“Many shall be restored that are now fallen, many shall fall that are now in honor”.
One doesn’t need to look far to understand why Ben Graham quoted Horace on the opening page of his value investing classic, Security Analysis.
The list of 2016’s best performing stocks is loaded with those that had fallen in recent years. Metcash and Whitehaven Coal have doubled off their lows, while Infigen Energy, which had caused shareholders (including us) nothing but pain for the past five years, is up 160 per cent this year.
While buying troubled businesses might seem like a sure way of making money, the year’s worst performers show that it isn’t quite so simple. If you had bought Dick Smith, Surfstitch or McAleese hoping for a rebound, you would have lost almost all of your money.
So how do we sort the wheat from the chaff? Here are the four things we look for in a turnaround.
Revenue to work with
Cost problems are much easier to fix than revenue problems. A company whose margins have deteriorated but still has consistent and sustainable revenue is a much better candidate than one where a lack of revenue is causing the problem.
This is particularly the case in businesses where the main assets are human beings, like marketing agencies or IT services firms. Shrinking businesses shed staff – usually the best ones first – which only causes revenue to decline further. So look for reliable revenues (long-term contracts can be great) and cost problems that can be fixed.
Assets to stand by
I don’t just mean physical assets, I mean any asset in the business you can hang your hat on. If worst comes to worst, the company can sell a part of itself and realise some value. Our most successful turnaround investment has been utilities contractor Service Stream, which is up fourfold in the past year.
The end result has been far better than we expected, but the initial investment was predicated on two divisions that were unaffected by the company’s disastrous foray into NBN construction. Those divisions gave the company earnings and cashflow with which to fix its other problems. It could be a piece of land, shares in another company or a division that can be sold, but you want something concrete as a fall-back for your investment.
Hustle to do the hard work
It takes a different type of manager to make a turnaround work. You don’t need a grand visionary or motivational CEO, but someone who is prepared to roll their sleeves up and get stuck into the dirty work of making hard decisions and cutting costs.
Vision Eye Institute is another of our successful turnarounds in recent years, and it was largely thanks to quietly spoken CEO Brett Coverdale.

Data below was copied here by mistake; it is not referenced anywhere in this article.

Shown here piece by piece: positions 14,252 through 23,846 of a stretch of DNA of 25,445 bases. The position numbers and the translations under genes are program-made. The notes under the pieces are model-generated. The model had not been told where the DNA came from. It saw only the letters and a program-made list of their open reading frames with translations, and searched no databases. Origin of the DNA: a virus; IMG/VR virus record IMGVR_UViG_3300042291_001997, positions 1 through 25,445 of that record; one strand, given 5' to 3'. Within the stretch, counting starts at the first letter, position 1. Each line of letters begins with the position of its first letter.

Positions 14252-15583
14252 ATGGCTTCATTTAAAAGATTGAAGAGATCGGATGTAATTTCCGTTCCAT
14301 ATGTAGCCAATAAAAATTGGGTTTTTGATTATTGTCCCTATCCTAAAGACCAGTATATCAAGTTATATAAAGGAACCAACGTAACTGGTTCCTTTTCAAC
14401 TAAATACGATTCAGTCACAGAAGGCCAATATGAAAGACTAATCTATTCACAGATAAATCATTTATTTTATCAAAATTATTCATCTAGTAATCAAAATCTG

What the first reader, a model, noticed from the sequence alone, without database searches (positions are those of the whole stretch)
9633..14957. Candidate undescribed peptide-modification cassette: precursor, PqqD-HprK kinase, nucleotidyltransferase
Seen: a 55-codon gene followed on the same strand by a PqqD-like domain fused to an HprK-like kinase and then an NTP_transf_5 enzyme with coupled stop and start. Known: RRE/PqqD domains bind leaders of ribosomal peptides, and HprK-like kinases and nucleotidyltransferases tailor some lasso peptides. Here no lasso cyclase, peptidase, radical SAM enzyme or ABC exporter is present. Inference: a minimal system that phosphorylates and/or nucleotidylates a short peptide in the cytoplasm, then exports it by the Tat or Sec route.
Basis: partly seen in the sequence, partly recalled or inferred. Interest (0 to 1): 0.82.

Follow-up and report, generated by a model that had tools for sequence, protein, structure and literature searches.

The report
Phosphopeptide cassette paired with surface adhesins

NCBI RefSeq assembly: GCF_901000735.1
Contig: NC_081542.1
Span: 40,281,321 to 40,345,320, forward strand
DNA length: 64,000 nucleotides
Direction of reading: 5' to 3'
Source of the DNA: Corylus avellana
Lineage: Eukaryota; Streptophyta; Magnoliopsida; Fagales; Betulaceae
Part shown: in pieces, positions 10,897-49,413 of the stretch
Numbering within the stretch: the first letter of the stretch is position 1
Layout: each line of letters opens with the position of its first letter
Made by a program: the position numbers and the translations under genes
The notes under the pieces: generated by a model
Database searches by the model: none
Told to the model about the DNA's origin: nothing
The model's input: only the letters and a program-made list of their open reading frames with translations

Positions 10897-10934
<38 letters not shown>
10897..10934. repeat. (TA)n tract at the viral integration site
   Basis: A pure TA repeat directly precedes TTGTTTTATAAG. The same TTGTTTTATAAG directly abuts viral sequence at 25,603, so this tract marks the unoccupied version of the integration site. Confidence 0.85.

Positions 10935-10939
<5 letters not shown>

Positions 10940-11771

You won’t see Brett in a designer suit on the front page of a management magazine, but when it came to negotiating with banks, ophthalmologists and generating cashflow, he did everything shareholders could have hoped for. It’s not the most appealing job, but a good turnaround candidate needs the right management and appropriate incentives for the task at hand.
Time to be on your side
Finally, you need the company to have enough time for the turnaround to take hold. That either means having a strong balance sheet (plenty of cash) or debt that isn’t due to be repaid for a long time.
Another of this year’s stellar performers is mining services company Ausdrill. The company has clearly had too much debt for a few years now but the money it owes is mostly US bonds which are light on covenants and not due to be repaid until November 2019.
That flexibility has given it enough time to generate cashflow, sell a couple of businesses and pay the debt down to sustainable levels.
Turnarounds usually take longer than expected and prospective investors should look for signs the business will survive long enough for shareholders to reap the benefits.
Four for the coming year
So what are some stocks on the ASX today that might meet these criteria? In our own portfolio I’d suggest another mining contractor, Macmahon Holdings could be a good candidate. After a turbulent few years, the company now has net cash on the balance sheet, a handful of long-term contracts and a CEO who has proved his mettle.
Oil services companies MRM Offshore and Matrix Composites and Engineering are both badly beaten up and potential beneficiaries of higher oil prices, although MRM doesn’t meet the balance sheet criteria and Matrix is only a tiddler.
Finally, to round out the four, I’d highlight pawn shop operator Cash Converters.
We don’t own the stock and there are plenty of regulatory risks to worry about, but the share price has more than halved, the company’s balance sheet is strong, the managers are highly engaged and, while its business is an unsavoury one, we expect the government prefers a profitable Cash Converters to the black market.
You could, perhaps sensibly, draw the conclusion that investing in turnarounds is a risky business and not for the faint of heart. As the start to 2016 shows, however, it can be a highly prospective space for the diligent and enterprising investor.
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